Colombia has implemented solidarity measures, such as the Temporary Protection Statute, to provide Venezuelan migrants with decent living conditions, transparent access to state institutions, and integrate them into the economy and the labor market.

Fight against drug trafficking

Before the Conference opened, Blinken and Duque met to address issues such as drug trafficking, in which the US Secretary of State recognized that to fight against this problem, the roots of the problem must be addressed, such as inequality. or “reduce the demand in the US which is fueling all the illicit activity.”

“We are going to focus on attacking the roots of drug trafficking and other challenges such as inequity, corruption, impunity (…) and that means investing in the prevention and recovery of those who are fighting addiction,” said the leader. of American diplomacy.

In that sense, and in a speech very different from the usual one from other US officials who are more focused on the eradication of crops, Blinken advocated “investing in young people so that they do not succumb to the temptations of drugs and training judges and prosecutors as well as having laws that prevent corruption from undermining the trust of citizens. “

He also emphasized the “responsibility” and “accountability” of governments for human rights abuses and violations. both in the armed conflict and in the response to the protests that took place in Colombia between May and June of this year, for which the Police have been accused of an excessive use of force.

It will give US support for migration

US Secretary of State Antony Blinken led a ministerial meeting on migration on Wednesday during his first official visit to Colombia to seek short and long-term solutions together with the foreign ministers of the countries of the region.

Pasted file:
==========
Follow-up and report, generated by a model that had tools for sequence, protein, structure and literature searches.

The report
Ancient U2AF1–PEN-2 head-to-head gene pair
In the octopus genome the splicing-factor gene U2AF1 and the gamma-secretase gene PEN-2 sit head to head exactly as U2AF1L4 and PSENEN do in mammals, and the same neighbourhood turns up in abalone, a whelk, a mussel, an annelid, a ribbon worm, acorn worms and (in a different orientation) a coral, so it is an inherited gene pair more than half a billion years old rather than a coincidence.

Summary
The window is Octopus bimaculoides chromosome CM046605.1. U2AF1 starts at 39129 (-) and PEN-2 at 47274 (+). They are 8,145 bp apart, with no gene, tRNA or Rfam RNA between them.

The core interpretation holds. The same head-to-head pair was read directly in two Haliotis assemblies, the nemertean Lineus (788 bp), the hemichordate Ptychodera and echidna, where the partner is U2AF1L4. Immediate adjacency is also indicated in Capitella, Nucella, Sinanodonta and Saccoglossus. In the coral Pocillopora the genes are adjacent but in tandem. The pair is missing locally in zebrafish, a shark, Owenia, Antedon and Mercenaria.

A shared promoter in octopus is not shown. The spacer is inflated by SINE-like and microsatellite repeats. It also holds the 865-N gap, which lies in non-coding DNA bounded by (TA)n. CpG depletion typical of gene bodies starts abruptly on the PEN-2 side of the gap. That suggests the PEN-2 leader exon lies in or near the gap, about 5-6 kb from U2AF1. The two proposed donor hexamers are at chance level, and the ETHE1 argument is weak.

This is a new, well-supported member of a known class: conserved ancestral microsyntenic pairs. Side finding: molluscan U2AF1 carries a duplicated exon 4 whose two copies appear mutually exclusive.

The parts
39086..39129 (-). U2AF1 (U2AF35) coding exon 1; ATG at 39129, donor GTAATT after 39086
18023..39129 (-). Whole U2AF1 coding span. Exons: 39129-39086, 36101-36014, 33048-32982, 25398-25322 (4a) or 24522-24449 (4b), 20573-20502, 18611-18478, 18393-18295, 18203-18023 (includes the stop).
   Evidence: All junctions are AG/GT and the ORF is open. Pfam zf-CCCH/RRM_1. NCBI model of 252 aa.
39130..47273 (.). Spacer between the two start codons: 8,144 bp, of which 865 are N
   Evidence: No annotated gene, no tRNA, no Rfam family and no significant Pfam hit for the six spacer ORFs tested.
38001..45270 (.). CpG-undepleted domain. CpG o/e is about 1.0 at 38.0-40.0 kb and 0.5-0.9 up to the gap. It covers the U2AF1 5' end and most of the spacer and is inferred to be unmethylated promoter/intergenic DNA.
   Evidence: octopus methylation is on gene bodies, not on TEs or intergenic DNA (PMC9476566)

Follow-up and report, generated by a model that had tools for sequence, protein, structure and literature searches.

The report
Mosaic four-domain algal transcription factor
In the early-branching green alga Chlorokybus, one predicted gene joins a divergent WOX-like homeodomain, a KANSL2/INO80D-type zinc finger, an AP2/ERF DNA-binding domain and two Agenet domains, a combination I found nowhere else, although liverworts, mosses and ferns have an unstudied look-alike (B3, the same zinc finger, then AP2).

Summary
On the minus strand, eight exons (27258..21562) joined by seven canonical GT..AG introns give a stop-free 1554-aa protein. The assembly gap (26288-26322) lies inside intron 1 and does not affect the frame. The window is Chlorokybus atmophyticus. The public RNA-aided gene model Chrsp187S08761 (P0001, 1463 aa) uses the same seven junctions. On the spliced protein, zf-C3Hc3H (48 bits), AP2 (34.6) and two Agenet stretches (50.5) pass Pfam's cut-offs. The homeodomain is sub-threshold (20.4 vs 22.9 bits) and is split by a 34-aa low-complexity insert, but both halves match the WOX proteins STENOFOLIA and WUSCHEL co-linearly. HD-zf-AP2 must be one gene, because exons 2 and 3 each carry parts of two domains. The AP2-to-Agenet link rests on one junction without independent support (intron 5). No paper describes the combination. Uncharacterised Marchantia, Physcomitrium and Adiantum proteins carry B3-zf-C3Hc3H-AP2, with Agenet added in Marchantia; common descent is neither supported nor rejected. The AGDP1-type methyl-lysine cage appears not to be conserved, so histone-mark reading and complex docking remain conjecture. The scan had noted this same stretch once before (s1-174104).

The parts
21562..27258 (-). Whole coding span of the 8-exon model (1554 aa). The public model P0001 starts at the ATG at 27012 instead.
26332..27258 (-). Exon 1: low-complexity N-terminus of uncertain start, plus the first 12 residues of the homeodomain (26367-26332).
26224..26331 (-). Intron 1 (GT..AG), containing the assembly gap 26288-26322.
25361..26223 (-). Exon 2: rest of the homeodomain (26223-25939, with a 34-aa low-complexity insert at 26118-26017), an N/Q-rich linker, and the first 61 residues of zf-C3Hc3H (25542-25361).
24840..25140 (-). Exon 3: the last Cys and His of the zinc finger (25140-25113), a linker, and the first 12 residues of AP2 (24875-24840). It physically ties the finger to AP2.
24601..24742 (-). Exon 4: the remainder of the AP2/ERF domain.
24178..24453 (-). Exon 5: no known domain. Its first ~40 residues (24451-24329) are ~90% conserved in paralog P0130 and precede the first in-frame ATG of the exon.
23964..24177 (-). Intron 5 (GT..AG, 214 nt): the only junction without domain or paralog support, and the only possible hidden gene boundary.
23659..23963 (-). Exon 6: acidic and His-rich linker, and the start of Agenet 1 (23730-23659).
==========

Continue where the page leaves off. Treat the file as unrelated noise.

At the summit, Blinken addressed one of the recurring requests from transit countries: financing. For this, he assured, the resources should be directed to the communities in the region that receive them and in the long term deal with the fundamental causes of migration, which are usually summarized in the lack of hope that life in their country will improve.

“President (Joe) Biden has committed to making the investments and our approach should help us do a better job helping those countries that are bearing the greatest burden of this problem“Blinken said.

The Secretary of State proposed to address migration with a “comprehensive approach” and immediately manage measures such as strengthening border surveillance by requiring visas. However, he did not address how to control illegal entries.

“We recognize that the great migration challenge we face in the hemisphere requires collaboration and cooperation and shared responsibility,” Blinken said in an official statement to the press.

He added that the processes to grant asylum to those who have a “valid justification” to access the benefit should be improved, and also “expand legal channels” and create options to protect those who cannot have asylum so that their repatriation is “easier. “.